Let's Understand What is GIT?
Git is a distributed version control system
Git is for tracking the changes in your source code during one particular development
It is designed to handles every project with speed and efficiency
Git also helps you synchronize the code between multiple people
There are six key terminologies
A repository is like a folder for your project. It contains the collection of the file as well as the history of the changes made to those files.
It is contained within the repository but does not affect the primary or master branch allowing you to work freely without disrupting the "live" version. You can merge it back into the master branch when you are ready to publish your changes.
Commits are easily one of the most frequented activities by a developer using GitHub. Simply put, a commit or revision is like 'saving' an updated file to its original folder.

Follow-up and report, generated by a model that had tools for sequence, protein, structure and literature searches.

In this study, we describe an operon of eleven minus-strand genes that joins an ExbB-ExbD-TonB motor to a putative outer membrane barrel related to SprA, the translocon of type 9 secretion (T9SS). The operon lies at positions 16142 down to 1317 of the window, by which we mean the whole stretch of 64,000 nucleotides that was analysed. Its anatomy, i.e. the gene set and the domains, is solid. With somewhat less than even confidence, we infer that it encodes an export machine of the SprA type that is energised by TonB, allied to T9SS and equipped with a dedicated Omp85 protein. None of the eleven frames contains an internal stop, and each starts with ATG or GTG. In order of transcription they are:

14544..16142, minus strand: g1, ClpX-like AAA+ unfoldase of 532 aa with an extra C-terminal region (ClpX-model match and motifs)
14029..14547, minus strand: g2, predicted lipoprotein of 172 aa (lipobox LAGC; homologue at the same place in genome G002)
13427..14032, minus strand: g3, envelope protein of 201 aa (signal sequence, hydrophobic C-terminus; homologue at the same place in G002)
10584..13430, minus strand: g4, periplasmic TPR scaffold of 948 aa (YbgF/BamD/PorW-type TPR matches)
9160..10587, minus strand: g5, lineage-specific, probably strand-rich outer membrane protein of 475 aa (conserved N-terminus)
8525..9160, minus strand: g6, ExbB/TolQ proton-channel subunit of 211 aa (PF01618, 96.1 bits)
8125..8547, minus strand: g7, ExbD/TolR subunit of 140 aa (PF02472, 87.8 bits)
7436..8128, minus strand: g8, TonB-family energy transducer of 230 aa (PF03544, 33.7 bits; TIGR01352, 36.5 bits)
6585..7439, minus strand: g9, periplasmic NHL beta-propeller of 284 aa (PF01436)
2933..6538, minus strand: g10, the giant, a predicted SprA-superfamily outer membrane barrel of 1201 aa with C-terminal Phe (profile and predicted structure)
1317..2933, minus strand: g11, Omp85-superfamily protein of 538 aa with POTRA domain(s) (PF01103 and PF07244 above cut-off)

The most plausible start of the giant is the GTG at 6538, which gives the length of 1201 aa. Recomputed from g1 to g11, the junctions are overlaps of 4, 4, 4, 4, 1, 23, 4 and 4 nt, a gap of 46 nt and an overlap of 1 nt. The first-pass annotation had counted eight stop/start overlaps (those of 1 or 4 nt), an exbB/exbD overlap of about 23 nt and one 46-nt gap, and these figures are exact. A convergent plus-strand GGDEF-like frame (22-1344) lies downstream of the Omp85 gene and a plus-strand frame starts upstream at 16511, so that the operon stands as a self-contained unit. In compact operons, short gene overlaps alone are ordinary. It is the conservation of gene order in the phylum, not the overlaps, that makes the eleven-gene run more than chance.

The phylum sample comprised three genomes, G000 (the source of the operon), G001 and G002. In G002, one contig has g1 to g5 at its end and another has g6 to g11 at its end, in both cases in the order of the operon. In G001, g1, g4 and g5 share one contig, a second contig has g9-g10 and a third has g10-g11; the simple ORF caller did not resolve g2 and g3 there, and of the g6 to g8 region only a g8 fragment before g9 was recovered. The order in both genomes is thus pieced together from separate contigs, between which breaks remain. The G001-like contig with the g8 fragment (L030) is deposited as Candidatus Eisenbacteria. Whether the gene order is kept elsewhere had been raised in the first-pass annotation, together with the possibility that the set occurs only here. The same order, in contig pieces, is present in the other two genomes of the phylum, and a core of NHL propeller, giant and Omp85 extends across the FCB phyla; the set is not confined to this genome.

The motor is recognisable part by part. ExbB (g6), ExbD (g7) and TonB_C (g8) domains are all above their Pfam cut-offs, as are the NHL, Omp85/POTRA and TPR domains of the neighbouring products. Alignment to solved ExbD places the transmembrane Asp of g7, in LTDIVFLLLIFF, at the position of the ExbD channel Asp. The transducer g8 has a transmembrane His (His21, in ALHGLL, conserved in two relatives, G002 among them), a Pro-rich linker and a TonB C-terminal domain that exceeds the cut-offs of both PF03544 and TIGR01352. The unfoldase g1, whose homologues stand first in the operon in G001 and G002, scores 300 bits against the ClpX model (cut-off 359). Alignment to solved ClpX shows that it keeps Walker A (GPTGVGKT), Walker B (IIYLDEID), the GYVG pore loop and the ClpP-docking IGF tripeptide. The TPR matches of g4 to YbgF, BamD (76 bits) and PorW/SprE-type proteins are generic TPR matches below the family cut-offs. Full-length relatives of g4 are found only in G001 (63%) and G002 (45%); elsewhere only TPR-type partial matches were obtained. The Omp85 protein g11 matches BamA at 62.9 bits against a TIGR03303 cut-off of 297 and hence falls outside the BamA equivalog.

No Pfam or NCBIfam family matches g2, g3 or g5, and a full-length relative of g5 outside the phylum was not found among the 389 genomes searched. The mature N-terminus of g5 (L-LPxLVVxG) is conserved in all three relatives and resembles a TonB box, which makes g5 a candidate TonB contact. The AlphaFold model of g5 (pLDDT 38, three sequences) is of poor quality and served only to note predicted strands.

Let's understand, it is very simple
Repository: The location where your code history is stored.
Branch: "Folder" within the repository containing commits
Commits: Different stages of your code inside a branch.
It is used to make a copy of the target repository or clone it, but you can't push changes to the original repo if you are not the project owner.
Fetching refers to getting the latest changes from a remote repository without merging them in. Once these changes are fetched you can now compare them to your local branches.
A fork is a rough copy of another user's repo. Forking a repository allows you to freely test and debug with changes without affecting the original project.
Git Cheatsheet: https://education.github.com/git-cheat-sheet-education.pdf